So, why not the same with Lagares?

If he outperforms the competition during spring training, then let him play full time. Give him up to two months, or possibly until the All-Star break. If the Mets are in the race at the trade deadline, perhaps they can swing a deal.

But, what if Lagares has a breakout year? It’s worth a chance to find out.

Dec 10

Mets A Winter Meetings Winner

The Mets left Nashville this afternoon a better team that showed up Sunday night, even if they come home with a contract having Ben Zobrist‘s autograph.

CABRERA: Makes Mets better. (Getty)

CABRERA: Makes Mets better. (Getty)

The Mets not only upgraded up the middle defensively with second baseman Neil Walker (trade from Pittsburgh for Jon Niese) and shortstop Asdrubal Cabrera (free agent signing from Tampa Bay), and in the process improved their bench and came away with a back-up for David Wright.

And, they did it at a minimal cost, $18.5 million in a two-year contract for Cabrera instead of the estimated $50 million they were going to pay Zobrist. The price of what Walker could make in arbitration and what Niese is to make ($9 million) is a wash.

The Mets were poor defensively with Daniel Murphy and Flores (a combined 26 errors) opposed to a combined 16 from Walker and Cabrera. However, defense is more than just errors, it is also positioning and range. For a team built on pitching, they improved in the field with no loss of production at the plate..

Flores will now fall into the role of right-handed hitting platoon with Walker; back-up shortstop; and fill-in for Wright at third.

The decision to sign Cabrera after tendering Ruben Tejada is not overkill because Flores fractured his ankle in winter ball and Tejada is still recovering from breaking his leg in the playoffs. We don’t know if they’ll be ready when spring training opens Feb. 17 (pitchers and catchers) and Feb. 24 (position players).

Assuming both are ready, they can spell Wright at third. Cabrera can do the same.

So, when you add it up, the Mets improved their up-the-middle defense, bench and found a contingency plan for Wright and will save an estimated $30 million.

I’d call it a win-win, leaving them to find a left-handed hitting platoon with Juan Lagares in center and bolstering the bullpen.

Please follow me on Twitter

Dec 08

Cubs Beat Out Mets For Zobrist

The Mets are back to Plan B, which is another way of saying Square One, as the MLB Network reported tonight with second baseman Ben Zobrist, this winter’s object of their affections agreed to a four-year, $56-million contract with the Chicago Cubs.

Mets manager Terry Collins texted Zobrist today, a clipped “We want you,” but like a teenage girl being asked to the prom, such flirting doesn’t always work.

ZOBRIST: Going to Cubs. (AP)

ZOBRIST: Going to Cubs. (AP)

Zobrist met with the Washington Nationals today and Mets on Monday, but the Cubs emerged as a late player. In the Cubs, the 34-year-old Zobrist finds a comfort level in Chicago, which is close to his offseason Nashville home. The Cubs, who won 97 games last season, offer a better line-up to protect Zobrist, a better hitter’s park, and reunites him with his former manager Joe Maddon.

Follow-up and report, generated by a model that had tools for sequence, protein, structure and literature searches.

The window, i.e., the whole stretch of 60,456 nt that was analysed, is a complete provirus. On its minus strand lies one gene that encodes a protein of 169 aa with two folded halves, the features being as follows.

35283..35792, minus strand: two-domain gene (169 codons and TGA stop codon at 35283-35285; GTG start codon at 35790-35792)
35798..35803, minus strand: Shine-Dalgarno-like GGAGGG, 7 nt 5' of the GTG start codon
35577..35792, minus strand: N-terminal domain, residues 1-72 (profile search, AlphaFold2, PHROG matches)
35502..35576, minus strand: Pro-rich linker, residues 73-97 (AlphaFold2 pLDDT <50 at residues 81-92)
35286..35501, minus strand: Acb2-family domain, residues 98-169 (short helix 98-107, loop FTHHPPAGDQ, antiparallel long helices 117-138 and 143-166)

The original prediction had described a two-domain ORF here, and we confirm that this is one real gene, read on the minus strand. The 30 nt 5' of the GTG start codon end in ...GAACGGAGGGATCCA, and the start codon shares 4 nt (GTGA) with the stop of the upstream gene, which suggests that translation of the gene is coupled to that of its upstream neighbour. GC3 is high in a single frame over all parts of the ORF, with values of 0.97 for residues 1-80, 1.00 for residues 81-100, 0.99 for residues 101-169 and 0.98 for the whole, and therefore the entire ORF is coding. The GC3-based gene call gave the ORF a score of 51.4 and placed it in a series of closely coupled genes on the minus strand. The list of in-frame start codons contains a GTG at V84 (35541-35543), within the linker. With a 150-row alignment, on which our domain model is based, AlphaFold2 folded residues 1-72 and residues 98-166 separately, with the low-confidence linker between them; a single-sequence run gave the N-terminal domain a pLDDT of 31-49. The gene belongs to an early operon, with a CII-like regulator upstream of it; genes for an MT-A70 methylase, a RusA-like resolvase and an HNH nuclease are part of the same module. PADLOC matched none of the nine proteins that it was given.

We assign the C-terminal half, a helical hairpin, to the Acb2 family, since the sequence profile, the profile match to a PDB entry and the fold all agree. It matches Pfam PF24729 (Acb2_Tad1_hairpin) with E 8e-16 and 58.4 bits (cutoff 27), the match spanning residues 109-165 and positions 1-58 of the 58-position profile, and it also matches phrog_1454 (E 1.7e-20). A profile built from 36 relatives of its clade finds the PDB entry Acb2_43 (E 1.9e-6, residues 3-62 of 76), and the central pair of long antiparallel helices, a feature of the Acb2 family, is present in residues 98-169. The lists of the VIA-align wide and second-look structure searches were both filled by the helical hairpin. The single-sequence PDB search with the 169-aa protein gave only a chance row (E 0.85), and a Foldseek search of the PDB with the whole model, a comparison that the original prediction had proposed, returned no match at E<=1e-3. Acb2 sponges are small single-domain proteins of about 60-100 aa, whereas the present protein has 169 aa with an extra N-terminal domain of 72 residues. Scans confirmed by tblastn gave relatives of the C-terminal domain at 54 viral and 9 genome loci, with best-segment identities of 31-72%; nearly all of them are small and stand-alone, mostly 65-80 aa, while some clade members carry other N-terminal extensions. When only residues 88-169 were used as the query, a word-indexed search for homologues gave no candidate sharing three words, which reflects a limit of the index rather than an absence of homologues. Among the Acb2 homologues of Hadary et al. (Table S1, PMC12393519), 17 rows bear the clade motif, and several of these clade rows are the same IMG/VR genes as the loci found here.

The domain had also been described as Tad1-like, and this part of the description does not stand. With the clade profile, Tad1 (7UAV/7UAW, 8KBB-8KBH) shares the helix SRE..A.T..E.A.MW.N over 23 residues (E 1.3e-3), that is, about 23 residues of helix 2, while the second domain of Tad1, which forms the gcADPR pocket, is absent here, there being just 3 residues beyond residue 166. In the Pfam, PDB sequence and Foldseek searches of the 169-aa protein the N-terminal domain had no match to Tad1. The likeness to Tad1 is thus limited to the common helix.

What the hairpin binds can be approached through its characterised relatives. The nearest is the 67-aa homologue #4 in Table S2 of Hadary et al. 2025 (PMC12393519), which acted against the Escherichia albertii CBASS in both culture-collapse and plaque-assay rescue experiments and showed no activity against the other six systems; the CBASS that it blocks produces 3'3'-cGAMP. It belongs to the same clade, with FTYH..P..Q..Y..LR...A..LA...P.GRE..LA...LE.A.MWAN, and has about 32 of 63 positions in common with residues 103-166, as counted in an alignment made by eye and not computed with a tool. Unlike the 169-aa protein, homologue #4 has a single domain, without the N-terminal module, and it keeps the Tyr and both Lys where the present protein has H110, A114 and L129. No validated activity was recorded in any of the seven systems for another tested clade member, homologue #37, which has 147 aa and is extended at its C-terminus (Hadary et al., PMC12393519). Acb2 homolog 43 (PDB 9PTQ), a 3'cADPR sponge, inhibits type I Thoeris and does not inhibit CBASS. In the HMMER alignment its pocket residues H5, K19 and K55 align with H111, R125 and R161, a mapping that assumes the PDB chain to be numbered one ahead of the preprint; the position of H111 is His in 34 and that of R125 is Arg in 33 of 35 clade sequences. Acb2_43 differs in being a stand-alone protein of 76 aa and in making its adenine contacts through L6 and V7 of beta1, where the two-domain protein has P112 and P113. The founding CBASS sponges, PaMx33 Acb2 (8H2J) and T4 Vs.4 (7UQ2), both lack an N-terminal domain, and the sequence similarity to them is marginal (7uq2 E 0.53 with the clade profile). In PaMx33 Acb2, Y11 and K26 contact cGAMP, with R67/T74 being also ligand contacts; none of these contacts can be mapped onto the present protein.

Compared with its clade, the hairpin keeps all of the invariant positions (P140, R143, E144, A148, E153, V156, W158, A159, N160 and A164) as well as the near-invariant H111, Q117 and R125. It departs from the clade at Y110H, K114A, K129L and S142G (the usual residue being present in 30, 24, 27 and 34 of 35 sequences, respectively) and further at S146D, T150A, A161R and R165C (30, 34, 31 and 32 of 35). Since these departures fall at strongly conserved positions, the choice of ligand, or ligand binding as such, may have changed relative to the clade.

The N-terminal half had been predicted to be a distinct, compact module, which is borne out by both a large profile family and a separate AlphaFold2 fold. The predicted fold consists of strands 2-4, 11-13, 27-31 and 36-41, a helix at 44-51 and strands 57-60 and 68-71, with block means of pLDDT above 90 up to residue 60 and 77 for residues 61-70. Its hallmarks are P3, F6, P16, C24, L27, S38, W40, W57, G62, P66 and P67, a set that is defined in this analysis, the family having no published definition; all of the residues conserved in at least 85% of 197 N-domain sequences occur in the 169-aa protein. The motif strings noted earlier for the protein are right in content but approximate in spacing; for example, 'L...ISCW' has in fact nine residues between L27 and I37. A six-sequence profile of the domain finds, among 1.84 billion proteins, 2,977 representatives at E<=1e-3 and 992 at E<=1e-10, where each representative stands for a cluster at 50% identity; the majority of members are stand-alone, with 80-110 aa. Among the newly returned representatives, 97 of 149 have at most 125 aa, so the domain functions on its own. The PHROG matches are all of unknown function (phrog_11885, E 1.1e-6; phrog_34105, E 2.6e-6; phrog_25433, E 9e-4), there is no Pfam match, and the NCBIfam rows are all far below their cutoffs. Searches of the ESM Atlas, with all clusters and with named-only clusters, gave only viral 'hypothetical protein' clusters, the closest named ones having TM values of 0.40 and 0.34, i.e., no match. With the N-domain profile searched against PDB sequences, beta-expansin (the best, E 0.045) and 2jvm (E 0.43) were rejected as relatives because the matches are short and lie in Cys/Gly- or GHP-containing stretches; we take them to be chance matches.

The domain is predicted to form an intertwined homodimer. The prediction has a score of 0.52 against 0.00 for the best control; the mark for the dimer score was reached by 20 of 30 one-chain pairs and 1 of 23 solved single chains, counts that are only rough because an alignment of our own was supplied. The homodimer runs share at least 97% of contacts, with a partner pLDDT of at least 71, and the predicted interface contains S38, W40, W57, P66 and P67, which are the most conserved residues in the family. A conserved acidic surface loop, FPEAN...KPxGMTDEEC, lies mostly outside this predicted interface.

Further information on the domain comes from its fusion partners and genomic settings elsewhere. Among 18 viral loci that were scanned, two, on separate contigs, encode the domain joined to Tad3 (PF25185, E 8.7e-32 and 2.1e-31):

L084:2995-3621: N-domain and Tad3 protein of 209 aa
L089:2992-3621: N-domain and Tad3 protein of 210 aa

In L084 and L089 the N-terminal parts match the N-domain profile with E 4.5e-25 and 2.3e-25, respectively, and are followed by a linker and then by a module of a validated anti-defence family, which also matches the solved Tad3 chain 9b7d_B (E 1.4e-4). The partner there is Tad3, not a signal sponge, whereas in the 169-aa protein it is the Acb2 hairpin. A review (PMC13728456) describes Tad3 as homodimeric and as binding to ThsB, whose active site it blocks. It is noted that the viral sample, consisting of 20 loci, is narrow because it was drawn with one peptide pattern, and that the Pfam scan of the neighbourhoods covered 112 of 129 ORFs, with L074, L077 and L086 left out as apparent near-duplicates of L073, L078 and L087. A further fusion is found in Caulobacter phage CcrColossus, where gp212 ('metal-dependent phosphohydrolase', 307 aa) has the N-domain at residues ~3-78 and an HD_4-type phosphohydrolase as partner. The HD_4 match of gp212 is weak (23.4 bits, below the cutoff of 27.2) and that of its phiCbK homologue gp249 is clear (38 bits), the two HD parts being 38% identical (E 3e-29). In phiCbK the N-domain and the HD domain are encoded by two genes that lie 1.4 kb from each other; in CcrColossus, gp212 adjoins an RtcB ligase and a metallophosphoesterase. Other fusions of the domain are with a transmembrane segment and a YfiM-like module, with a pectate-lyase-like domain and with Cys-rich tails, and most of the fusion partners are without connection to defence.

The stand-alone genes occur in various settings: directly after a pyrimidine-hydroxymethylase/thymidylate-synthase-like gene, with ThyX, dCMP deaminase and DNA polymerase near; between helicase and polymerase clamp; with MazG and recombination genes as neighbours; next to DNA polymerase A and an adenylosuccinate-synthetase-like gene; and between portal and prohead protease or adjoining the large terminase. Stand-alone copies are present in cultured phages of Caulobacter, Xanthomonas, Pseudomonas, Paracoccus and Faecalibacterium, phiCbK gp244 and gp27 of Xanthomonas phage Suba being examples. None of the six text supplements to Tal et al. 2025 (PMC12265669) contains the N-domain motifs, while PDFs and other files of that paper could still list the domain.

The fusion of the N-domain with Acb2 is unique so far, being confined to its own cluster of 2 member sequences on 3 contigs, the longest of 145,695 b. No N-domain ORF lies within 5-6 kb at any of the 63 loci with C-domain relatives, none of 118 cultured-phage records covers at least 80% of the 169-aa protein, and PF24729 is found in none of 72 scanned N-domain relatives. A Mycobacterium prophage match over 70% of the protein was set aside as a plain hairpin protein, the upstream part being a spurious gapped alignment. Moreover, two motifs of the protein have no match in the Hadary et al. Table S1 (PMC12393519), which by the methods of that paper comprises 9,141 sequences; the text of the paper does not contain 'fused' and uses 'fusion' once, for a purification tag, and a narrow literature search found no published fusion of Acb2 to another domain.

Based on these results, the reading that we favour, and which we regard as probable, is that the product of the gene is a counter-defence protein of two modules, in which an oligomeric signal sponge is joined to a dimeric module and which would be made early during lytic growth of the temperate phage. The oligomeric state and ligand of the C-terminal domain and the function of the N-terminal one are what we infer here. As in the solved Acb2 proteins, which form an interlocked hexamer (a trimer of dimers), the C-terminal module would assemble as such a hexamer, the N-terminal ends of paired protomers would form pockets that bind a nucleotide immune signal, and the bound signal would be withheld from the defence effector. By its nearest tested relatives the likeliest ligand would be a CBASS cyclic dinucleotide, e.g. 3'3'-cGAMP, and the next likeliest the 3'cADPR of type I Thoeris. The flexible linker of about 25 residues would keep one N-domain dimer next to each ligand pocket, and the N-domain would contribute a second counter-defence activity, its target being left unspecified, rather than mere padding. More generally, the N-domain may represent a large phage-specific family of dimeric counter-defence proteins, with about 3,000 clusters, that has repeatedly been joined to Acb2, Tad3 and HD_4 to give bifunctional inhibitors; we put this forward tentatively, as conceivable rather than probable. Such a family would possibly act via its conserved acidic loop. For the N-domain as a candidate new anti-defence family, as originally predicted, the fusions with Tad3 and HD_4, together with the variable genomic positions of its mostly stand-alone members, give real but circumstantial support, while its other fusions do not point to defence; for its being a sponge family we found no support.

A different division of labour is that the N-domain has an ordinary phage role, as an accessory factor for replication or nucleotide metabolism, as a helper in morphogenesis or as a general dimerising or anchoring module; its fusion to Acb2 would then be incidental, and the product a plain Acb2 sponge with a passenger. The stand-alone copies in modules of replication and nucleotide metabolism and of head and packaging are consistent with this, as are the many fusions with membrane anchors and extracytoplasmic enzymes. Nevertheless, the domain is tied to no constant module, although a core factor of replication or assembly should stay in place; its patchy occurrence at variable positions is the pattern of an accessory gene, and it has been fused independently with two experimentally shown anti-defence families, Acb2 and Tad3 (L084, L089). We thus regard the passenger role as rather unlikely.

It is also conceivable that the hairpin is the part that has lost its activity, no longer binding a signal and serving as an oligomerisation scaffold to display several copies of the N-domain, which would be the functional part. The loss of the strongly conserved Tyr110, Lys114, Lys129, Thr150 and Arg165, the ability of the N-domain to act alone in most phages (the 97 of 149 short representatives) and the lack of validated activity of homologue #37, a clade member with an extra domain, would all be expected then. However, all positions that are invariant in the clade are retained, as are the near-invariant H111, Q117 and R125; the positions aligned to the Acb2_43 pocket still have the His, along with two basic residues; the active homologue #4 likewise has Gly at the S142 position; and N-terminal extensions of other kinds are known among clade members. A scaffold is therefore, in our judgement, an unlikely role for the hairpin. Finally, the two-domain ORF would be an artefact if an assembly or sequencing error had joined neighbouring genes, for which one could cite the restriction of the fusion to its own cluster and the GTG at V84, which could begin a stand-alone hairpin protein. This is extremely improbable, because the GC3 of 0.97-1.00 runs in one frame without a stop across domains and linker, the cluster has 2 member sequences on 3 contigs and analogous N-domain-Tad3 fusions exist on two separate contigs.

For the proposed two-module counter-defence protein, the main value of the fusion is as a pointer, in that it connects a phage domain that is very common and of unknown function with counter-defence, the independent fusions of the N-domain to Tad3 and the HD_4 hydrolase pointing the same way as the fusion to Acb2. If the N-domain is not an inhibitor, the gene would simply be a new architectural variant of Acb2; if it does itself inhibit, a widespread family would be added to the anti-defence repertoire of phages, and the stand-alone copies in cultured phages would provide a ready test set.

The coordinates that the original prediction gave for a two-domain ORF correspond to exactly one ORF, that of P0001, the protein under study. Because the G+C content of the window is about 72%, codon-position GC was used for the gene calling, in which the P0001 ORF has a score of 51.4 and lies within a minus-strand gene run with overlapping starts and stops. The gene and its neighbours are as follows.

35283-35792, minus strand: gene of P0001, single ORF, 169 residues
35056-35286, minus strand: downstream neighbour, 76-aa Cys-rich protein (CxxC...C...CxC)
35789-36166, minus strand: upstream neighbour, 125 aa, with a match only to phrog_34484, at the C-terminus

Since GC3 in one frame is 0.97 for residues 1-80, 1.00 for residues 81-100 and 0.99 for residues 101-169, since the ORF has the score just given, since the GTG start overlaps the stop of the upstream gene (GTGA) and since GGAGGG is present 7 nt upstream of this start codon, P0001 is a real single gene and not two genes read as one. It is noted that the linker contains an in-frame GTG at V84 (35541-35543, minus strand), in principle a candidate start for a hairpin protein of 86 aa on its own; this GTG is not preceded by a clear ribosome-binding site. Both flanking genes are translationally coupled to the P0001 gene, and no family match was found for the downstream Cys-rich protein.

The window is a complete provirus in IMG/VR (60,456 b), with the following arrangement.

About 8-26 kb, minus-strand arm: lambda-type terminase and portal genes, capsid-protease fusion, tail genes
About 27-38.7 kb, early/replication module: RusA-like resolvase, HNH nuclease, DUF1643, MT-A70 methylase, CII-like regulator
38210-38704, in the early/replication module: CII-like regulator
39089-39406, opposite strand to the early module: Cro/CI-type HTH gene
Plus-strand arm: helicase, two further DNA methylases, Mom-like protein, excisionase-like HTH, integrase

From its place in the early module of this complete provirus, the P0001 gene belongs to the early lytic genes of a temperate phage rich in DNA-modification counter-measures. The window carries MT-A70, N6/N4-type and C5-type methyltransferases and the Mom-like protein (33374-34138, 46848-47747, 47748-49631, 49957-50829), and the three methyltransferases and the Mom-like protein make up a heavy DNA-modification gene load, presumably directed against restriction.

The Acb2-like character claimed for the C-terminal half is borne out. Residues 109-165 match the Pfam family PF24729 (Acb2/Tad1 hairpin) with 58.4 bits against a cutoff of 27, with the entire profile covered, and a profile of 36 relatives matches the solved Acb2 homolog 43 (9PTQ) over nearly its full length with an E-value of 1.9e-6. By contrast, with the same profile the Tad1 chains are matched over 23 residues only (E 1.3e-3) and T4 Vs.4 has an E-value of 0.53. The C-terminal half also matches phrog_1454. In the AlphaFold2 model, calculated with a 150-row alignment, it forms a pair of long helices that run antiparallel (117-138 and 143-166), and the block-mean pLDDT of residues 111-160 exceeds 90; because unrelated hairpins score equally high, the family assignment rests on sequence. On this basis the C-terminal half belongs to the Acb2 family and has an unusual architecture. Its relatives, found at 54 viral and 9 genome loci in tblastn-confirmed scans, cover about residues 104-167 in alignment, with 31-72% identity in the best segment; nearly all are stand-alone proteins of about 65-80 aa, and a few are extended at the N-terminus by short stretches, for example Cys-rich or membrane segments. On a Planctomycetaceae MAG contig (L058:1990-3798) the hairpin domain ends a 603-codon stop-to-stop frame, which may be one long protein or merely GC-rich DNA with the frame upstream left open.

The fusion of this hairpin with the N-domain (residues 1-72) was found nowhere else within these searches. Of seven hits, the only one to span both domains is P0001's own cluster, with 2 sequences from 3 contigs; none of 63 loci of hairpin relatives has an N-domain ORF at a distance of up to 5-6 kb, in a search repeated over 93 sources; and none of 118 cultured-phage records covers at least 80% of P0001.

Zobrist is a switch-hitter whose 162-game average is .265 with a .355 on-base percentage, 17 homers and 77 RBI. Frankly, $56 million is too much for that production. But, for a team like the Cubs that has deeper pockets.

The Cubs are also going after outfielder Jason Heyward and Miami ace Jose Fernandez, whom the Marlins say they won’t trade. The Giants and Dodgers are also reportedly interested in Fernandez. If the Cubs make those two moves they should be favored to get to the World Series. Even if they don’t, the Cubs are better situated to getting to the Series than the Mets.

To make room for Zobrist, the Cubs are discussing a trade of second baseman Starlin Castro to the Yankees. Ironically, the Mets’ loss at second base is the Yankees’ gain.

Despite being swept out of the NLCS by the Mets, the Cubs are in better position of getting into the playoffs next year, despite the Mets’ cache of young arms. In addition to second base, the Mets have holes in centerfield (they have to replace Yoenis Cespedes) and bolster the middle of their bullpen.

The Mets are also banking on a bounce-back year from David Wright and the continued development of outfielder Michael Conforto and their young pitching.

As they are presently constructed, and with the Nationals expected to be aggressive, the Mets aren’t a slam dunk to get back to the playoffs.

Clearly, they have work to do.

Dec 08

Mets Today: More Zobrist

With Ben Zobrist expected in town Tuesday, the Mets will put the full-court press on their top free-agent target. Reportedly, Zobrist wants $60 million over four years. The Mets originally said they didn’t want to go more than three years, but it is looking as if they’ll bend on the years.

If it happens it won’t be the first time as they acquiesced on Curtis Granderson and gave four years and gave two years to Bartolo Colon when they only wanted to give one.

Zobrist has proven to be a solid player who stays in shape, but he’ll be 39 at the end of the contract which makes it a risk. Of course, most teams know players will break down at the end of their contracts so the Mets can expect him to fall off in the third and fourth years.

I like Zobrist, but he’s a complementary player and won’t be the player to put them over the top. The Mets’ primary objectives should the bullpen and finding an outfield bat to platoon with Juan Lagares.

For the past two years we’ve been told by the Mets that Dilson Herrera was the long-term solution for second base, but their pursuit of Zobrist makes one wonder where he really fits into their plans.

The Mets did tender Ruben Tejada, but haven’t said how he’s recovering from his broken leg sustained in the playoffs. Tejada at shortstop and moving Wilmer Flores was thought to be a possible solution, but that seems to be on the back burner.